7. “It’s important to be realistic about pain.”
    Sometimes pain is part of the recovery process. And your nurse is there to get you through it. This may mean they have to push you to do things you might not feel like doing. Nursing VP Judy Balcitis explains, “Walking and deep breathing are often essential to your recovery. And being pain-free is not always possible. But I promise to do everything I can to control your pain.” Monica Sweeney adds, “Resist over- or underestimating your pain so we can set achievable pain relief goals.”

  • Two doctors looking at the laptop.
    8. “You need one doctor who coordinates your care.”
    Nurses stress the importance of having coordinated healthcare. Care can become fragmented when you have a hospital stay or see many different specialists. Nurses are a resource to keep your care coordinated. But they also recommend having one doctor who is in charge of your care. Natalie Garry, GNP puts it this way: “You need a captain of the ship.” For many adults, an internal medicine doctor fills this role. Natalie Garry urges people older than 80 to see a geriatrician to coordinate their healthcare and work with other specialists.

  • Explaining the dosage and effects - Senior Care
    9. “Carry an updated medication list at all times.”
    “Medication issues are one of the biggest problems I see,” says Monica Sweeney. Nurse practitioner Natalie Garry agrees. She sees many people on multiple medicines, some of which may be doing more harm than good. “For someone with memory problems, a drug the cardiologist prescribed might actually be causing more problems,” she says. Like many nurses, Garry spends much of her time teaching people about their medicines and helping them stay on track with the ones they really need.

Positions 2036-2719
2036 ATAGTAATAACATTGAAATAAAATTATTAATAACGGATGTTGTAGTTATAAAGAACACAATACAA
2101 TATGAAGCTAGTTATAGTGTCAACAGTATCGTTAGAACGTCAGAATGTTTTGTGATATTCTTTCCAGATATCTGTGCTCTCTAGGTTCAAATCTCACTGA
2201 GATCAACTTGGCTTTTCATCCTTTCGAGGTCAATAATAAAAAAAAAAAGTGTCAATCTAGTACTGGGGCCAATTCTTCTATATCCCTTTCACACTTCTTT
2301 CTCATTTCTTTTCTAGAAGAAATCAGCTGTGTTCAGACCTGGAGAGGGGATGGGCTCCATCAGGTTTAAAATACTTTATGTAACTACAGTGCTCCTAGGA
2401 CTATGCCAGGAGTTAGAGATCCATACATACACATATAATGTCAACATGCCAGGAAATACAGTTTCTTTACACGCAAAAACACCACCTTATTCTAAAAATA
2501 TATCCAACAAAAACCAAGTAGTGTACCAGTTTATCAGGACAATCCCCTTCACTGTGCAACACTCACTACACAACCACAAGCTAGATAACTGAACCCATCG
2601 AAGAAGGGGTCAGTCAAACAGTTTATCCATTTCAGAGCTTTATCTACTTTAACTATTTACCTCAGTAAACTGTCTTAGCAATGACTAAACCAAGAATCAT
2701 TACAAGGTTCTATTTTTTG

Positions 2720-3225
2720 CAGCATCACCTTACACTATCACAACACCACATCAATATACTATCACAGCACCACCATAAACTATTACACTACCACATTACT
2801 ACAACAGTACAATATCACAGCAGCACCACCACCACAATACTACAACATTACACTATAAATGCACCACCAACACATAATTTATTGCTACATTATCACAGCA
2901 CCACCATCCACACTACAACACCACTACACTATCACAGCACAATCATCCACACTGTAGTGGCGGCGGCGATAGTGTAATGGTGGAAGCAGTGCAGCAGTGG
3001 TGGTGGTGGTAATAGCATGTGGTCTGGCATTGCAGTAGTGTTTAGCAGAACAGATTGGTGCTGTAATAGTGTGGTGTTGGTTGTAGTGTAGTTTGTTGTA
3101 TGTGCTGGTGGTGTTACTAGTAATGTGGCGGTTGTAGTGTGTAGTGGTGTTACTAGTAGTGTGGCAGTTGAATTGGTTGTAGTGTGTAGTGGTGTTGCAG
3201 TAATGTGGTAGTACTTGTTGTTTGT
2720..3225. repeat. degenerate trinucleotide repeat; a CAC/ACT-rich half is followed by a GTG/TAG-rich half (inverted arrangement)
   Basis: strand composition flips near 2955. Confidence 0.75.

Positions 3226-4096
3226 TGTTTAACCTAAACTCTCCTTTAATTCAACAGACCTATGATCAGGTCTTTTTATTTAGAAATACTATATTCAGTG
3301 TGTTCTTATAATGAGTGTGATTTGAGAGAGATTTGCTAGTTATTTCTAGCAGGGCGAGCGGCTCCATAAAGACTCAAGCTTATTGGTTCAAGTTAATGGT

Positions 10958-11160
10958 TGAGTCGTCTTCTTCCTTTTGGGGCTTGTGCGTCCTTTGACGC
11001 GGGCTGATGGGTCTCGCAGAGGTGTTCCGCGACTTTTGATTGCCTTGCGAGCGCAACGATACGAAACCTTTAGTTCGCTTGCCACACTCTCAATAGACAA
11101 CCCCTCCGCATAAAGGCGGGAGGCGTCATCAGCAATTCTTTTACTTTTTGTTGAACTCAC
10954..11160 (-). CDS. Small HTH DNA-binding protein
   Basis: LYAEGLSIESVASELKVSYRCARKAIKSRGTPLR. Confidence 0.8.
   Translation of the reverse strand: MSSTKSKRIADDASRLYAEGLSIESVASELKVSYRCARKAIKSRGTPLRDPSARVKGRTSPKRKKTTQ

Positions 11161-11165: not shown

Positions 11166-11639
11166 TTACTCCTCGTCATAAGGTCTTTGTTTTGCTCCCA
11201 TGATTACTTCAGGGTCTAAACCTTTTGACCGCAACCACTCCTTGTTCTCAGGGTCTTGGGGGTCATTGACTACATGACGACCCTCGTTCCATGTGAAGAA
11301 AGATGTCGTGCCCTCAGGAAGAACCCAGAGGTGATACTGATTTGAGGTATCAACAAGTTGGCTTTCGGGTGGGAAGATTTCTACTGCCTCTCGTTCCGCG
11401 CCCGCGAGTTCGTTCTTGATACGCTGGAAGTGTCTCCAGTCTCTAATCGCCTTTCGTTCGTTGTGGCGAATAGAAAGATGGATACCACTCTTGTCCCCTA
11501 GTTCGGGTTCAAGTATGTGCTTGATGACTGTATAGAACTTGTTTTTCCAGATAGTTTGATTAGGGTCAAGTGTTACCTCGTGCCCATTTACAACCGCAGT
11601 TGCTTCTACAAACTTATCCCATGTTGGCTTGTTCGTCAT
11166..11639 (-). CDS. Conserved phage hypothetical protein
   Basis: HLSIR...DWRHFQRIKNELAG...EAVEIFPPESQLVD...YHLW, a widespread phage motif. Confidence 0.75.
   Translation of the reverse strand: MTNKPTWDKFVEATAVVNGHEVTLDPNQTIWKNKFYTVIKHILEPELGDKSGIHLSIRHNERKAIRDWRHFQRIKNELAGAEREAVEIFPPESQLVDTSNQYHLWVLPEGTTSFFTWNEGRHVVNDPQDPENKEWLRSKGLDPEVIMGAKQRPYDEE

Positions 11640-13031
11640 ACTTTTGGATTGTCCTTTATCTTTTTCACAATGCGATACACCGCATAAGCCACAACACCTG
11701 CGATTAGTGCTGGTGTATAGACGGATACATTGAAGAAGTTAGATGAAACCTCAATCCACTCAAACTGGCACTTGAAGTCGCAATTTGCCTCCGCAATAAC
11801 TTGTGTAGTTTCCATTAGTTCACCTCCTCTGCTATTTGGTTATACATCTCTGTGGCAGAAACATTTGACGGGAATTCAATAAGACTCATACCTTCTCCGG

• mother and daughter talking to doctor
    10. “Be sure your doctor’s advice makes sense for you.”
    Natalie Garry is passionate about her patients getting the right care. She works with older people and explains, “As people age, especially when they’re 80 or older, screening tests and surgery may not always be necessary.” She values second opinions to confirm a diagnosis or when patients are considering a procedure. She recommends, “Older people should bring a younger family member or friend to their appointments.” This person can offer support and a different perspective, along with a second set of ears to help understand what the doctor says.

  • Mature Adult Couple In Conversation With Doctor
    11. “Knowledge is power, so ask questions.”
    As a former ICU nurse and a current nurse practitioner, Monica Sweeney advises patients to ask questions—lots of questions. She tells patients, “Make lists and write down everything you want to ask.” She also encourages people to make their healthcare wishes known to their doctors and family members. “Formalize your wishes for medical care and end-of-life care through living wills and advance directives, in case you can’t express them yourself.”

  • Large Group of Happy People smiling and embracing.
    12. “Each person and circumstance is different.”
    People get their healthcare information from all kinds of sources these days. It’s important to educate yourself, but you need to understand every person is different. Monica Sweeney explains, “You are an individual, and each person reacts differently to health problems. Information you read may not apply to you.” NICU nurse Rhonda Angel has similar advice for the parents of her newborn patients. “It’s fine to talk to other parents in your situation,” she says, ”but know that each baby is different. Rely on your healthcare staff to offer the best advice for your circumstances.”

12 Things Your Nurse Wants You to Know

About The Author

Sarah Lewis is a pharmacist and a medical writer with over 25 years of experience in various areas of pharmacy practice. Sarah holds a Bachelor of Science in Pharmacy degree from West Virginia University and a Doctor of Pharmacy degree from Massachusetts College of Pharmacy. She completed Pharmacy Practice Residency training at the University of Pittsburgh/VA Pittsburgh Healthcare System. 
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Medical Reviewer: William C. Lloyd III, MD, FACS
Last Review Date: 2019 Jun 8